Twitter is one of the fastest ways to shame businesses into responding to your complaints. So it makes sense the social network would roll out new tools to improve two-way conversations with companies who want to use Twitter for online customer service. Starting today, businesses and brands on Twitter can attach a "send a private message" link to their tweets so customers can jump right into a Direct Message thread with a representative. The other initiative, called Customer Feedback, will be available in the coming weeks and it will let companies collect opinions from Twitter users after customer service conversations take place.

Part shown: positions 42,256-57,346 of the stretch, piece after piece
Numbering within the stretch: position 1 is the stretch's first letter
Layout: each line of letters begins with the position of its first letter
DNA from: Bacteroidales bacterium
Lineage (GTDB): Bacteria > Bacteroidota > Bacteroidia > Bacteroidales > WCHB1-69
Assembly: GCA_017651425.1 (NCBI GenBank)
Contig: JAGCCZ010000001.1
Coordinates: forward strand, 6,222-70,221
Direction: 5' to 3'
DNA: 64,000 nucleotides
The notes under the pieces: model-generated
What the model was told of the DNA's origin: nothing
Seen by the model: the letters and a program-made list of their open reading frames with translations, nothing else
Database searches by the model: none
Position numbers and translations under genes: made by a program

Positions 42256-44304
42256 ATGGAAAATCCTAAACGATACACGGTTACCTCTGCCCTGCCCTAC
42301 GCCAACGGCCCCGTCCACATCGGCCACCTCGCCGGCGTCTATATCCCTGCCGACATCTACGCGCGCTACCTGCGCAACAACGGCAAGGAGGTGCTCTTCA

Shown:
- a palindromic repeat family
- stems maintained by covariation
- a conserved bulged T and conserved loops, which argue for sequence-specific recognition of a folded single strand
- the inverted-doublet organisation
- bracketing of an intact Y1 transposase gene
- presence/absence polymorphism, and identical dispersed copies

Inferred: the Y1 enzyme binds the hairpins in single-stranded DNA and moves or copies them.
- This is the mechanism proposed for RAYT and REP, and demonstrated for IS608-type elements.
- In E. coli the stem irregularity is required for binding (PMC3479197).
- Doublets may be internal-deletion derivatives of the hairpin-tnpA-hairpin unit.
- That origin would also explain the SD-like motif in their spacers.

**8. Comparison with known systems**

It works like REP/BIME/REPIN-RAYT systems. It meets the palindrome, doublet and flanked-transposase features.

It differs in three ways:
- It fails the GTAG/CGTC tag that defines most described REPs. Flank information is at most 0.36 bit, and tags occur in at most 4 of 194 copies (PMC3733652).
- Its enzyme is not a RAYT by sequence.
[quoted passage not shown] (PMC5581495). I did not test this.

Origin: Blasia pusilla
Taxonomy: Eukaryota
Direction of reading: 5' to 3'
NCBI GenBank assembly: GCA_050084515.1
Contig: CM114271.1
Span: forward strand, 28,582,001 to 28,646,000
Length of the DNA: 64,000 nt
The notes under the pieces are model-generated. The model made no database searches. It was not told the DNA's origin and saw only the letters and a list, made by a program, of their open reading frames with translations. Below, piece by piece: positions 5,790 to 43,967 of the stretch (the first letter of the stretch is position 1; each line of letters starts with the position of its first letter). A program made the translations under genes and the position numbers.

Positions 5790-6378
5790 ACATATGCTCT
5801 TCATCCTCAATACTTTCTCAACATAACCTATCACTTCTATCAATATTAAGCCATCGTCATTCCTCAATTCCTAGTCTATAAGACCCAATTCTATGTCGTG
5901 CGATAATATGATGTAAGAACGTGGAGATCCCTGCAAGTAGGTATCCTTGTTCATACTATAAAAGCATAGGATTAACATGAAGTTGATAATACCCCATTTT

Beyond advertisements, creating a communications platform for businesses to reach consumers directly is another way for a social network to make money. Facebook has long expressed interest in turning its Facebook Messenger app into a customer service platform, and the company is reportedly helping third parties build their own Messenger bots similar to its automated M assistant. The Facebook-owned chat service WhatsApp, which just passed 1 billion monthly active users, is also trying "to connect more people around the world and make it easier to communicate with businesses," according to Facebook CEO Mark Zuckerberg. So Twitter clearly has some stiff competition if it wants to become the go-to customer service platform on the web.